Tag Archives: Aaron Eckhart

Bleed For This

“Some hits, you don’t have to take.”

That time of year is here again, boys and girls. It’s “based on a true story” season. That time of year where we are all forced to sit and watch as many and varied true stories that are paraded out in front us to stare at, mope over and guess which one will be winning an award for its excellent depiction of a story no-one ever heard of before release weekend.

This week, it’s the story of boxer Vinny Pazienza.

A local hero and world champion boxer, Vinny “The Pazmanian Devil” Pazienza (Miles Teller) has dragged himself up from being a stepping stone to a card-carrying, belt-wielding force to be reckoned with in the ring. But it all seems to be over when a near fatal car crash leaves the fighter with a broken neck and no guarantee he’ll ever walk again.

But an inspirational story, such as this, can’t end there.

Vinny refuses surgery that would guarantee his mobility, but destroy his career, in favour of wearing a surgically fitted “halo” (essentially scaffolding for his head) in the hope that once healed he can train again and get himself back in the ring. After a torturous few months living like an invalid in his parents living room, Paz starts working on getting himself back in fighting shape in secret. Dragging in his trainer Kevin Rooney (Aaron Eckhart) to help, the pair turn the basement into a makeshift gym to work while Vinny is still wearing his headgear. Once out of his halo, the former champion works to get his arse back in the ring.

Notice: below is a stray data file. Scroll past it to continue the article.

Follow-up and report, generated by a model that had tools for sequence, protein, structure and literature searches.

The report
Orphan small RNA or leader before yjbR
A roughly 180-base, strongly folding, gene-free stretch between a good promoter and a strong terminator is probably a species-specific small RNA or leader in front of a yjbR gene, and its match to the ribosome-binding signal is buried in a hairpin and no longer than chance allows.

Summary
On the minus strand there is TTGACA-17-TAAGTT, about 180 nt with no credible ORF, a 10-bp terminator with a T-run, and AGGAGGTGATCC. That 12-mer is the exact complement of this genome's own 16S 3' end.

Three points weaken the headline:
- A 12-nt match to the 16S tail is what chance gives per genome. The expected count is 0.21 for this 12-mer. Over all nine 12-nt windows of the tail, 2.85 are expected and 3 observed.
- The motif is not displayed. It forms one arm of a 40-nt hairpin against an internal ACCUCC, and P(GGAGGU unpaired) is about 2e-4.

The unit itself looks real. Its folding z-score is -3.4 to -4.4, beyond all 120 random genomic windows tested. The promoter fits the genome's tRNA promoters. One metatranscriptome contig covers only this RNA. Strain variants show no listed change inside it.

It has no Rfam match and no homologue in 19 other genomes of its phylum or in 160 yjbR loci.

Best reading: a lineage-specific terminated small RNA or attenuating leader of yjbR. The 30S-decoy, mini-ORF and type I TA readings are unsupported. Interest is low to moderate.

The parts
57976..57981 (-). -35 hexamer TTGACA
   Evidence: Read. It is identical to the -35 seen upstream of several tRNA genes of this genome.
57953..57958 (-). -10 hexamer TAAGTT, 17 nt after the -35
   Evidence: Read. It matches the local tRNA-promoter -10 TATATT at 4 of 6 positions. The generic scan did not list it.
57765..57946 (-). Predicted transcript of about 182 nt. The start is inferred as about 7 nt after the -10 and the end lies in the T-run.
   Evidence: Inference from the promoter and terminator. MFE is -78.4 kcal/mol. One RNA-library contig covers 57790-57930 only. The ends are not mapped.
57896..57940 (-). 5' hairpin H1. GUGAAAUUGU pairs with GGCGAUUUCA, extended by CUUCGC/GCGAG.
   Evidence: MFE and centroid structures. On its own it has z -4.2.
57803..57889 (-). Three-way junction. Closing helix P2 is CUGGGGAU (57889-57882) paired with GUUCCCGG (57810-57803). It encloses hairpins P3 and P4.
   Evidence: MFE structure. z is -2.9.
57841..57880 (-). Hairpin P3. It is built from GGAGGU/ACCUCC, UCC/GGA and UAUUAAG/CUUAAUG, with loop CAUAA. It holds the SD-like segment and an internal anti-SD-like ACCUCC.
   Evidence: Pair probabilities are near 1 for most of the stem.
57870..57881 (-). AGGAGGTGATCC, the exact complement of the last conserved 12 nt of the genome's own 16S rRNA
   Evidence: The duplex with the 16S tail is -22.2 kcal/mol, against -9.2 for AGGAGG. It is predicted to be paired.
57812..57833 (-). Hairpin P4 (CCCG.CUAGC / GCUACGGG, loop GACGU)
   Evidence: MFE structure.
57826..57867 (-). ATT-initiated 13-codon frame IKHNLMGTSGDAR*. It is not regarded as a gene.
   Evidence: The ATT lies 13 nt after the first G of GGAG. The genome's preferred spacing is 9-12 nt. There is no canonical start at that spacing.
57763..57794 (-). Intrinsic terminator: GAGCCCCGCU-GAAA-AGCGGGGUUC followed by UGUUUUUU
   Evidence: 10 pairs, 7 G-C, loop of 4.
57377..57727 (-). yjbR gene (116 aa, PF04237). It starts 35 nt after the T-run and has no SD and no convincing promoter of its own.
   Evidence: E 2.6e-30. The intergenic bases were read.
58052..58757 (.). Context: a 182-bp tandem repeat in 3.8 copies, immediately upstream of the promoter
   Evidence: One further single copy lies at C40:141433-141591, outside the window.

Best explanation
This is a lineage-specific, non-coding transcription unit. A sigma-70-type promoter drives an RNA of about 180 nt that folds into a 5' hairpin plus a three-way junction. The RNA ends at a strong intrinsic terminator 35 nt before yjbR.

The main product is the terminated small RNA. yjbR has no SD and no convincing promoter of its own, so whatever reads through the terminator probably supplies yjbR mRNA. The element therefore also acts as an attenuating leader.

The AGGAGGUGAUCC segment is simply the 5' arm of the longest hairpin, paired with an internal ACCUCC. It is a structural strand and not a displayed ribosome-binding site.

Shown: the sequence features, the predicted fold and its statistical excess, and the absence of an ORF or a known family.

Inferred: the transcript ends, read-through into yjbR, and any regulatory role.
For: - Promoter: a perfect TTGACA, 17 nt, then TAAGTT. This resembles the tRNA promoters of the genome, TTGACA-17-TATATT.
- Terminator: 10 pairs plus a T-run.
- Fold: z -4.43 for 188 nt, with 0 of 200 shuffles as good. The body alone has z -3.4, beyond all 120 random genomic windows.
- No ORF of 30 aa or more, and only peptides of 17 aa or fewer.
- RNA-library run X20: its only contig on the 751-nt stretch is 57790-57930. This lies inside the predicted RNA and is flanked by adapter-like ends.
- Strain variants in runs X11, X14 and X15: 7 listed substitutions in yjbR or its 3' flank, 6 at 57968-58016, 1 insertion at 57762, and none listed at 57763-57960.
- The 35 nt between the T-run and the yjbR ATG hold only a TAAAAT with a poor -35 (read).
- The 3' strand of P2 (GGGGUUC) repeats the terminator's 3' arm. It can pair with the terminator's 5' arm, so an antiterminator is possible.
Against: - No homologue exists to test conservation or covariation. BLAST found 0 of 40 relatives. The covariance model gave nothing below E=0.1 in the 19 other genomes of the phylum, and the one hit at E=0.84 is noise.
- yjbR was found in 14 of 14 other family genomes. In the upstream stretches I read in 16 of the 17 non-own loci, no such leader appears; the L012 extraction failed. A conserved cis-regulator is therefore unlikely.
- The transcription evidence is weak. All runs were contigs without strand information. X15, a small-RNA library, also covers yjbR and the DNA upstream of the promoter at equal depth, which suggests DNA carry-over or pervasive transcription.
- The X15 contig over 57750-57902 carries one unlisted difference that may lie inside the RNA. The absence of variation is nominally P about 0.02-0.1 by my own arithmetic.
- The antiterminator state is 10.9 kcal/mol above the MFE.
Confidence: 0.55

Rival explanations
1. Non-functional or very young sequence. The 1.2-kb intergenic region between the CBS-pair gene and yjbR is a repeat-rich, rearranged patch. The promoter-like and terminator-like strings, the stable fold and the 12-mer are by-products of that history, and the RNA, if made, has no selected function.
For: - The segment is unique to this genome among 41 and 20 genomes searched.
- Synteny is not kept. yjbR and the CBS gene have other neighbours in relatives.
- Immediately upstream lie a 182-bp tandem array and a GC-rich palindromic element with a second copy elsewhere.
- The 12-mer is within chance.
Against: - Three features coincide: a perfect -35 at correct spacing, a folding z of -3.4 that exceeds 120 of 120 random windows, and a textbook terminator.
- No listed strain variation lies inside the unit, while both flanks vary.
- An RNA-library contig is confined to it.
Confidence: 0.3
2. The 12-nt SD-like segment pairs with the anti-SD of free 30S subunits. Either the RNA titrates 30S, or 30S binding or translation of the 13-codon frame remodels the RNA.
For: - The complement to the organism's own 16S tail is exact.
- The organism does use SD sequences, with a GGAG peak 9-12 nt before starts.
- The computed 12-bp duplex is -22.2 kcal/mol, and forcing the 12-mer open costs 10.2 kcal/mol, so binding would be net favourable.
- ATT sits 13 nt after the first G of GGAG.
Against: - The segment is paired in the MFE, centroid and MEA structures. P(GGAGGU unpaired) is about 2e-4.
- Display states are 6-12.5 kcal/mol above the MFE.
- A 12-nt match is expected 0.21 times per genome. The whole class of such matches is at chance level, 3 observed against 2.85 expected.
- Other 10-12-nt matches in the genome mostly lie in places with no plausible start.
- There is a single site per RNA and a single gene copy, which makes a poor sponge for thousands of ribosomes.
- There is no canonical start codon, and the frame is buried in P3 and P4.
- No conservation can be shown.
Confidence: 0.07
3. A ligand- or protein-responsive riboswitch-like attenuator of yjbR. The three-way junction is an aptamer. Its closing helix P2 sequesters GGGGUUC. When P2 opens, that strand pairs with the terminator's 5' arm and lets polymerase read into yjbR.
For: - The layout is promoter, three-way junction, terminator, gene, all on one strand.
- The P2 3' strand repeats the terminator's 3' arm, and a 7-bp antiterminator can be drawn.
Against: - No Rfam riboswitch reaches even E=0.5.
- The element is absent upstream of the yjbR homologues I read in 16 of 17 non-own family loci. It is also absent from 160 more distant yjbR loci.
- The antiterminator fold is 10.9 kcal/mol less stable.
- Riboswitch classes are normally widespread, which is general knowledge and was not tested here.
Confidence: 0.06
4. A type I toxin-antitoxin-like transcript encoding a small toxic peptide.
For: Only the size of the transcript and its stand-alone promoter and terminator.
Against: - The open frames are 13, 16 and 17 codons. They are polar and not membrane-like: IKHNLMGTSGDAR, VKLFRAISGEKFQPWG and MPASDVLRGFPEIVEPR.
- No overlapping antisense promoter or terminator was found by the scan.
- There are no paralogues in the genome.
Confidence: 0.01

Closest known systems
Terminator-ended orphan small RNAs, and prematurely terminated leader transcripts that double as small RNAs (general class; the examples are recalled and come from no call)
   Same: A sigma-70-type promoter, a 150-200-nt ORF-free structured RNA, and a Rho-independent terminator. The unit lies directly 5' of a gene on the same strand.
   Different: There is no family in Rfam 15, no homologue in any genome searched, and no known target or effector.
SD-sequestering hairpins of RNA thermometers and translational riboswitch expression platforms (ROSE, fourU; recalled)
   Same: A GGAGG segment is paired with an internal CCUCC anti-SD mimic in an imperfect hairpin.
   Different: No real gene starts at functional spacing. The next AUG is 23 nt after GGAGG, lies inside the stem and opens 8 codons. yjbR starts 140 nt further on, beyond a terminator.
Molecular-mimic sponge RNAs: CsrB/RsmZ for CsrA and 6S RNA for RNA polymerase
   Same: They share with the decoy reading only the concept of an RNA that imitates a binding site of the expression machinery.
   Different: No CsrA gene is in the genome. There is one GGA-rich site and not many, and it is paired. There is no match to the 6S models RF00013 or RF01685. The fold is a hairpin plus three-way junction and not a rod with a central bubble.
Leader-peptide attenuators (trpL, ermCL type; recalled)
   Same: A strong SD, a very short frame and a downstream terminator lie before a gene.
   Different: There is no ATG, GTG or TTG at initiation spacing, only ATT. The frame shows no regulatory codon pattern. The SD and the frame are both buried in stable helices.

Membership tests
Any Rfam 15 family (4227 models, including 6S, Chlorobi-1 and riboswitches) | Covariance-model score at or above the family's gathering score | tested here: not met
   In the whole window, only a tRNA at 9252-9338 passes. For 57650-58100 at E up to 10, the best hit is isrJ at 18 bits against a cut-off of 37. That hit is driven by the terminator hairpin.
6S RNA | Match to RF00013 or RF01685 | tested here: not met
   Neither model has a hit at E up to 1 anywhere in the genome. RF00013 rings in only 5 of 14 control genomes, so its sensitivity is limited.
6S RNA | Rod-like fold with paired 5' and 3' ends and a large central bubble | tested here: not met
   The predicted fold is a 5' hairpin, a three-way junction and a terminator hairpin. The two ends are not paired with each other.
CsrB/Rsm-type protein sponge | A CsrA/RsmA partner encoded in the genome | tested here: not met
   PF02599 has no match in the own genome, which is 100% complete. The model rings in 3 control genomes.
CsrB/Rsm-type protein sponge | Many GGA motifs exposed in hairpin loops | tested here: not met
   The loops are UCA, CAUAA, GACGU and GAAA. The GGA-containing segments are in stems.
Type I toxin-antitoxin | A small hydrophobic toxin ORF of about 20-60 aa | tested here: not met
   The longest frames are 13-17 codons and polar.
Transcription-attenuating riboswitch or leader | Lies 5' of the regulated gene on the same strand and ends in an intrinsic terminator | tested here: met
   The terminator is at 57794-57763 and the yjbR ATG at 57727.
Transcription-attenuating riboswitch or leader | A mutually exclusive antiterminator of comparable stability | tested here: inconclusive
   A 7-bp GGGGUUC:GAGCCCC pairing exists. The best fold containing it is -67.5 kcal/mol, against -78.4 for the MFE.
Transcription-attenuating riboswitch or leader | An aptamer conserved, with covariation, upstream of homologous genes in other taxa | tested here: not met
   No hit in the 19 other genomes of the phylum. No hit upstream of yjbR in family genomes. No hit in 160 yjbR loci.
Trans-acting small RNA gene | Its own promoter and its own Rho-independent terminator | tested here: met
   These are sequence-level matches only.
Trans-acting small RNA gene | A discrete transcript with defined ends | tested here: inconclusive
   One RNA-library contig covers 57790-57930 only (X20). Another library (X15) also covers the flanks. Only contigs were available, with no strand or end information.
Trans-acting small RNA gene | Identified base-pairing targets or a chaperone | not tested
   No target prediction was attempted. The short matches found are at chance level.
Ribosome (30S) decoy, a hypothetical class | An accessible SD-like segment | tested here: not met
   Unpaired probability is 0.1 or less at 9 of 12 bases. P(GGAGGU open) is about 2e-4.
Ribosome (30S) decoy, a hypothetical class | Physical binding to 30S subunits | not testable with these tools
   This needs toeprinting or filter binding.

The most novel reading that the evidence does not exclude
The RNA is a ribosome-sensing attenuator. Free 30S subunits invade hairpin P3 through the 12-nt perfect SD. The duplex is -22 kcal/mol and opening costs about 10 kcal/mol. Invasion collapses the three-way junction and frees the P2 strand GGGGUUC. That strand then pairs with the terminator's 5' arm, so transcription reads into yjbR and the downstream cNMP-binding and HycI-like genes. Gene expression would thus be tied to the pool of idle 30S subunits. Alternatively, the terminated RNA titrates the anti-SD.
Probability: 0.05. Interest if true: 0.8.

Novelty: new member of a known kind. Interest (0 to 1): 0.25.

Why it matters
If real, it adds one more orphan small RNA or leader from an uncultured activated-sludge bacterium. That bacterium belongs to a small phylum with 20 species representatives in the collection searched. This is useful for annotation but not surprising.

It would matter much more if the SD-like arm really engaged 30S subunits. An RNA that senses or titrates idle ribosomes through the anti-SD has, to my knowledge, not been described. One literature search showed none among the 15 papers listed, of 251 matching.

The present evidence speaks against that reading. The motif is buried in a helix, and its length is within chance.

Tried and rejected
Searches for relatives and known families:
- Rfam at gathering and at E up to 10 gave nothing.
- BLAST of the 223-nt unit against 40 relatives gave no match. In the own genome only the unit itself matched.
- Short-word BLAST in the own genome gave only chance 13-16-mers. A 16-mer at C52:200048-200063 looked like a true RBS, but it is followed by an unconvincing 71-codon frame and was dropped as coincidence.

We’ve had a couple of really good boxing movies the last few years, from Creed and Southpaw last year covering the fictional side of things, to 2010’s The Fighter covering the true story side.

And honestly, all of those films are better than this one.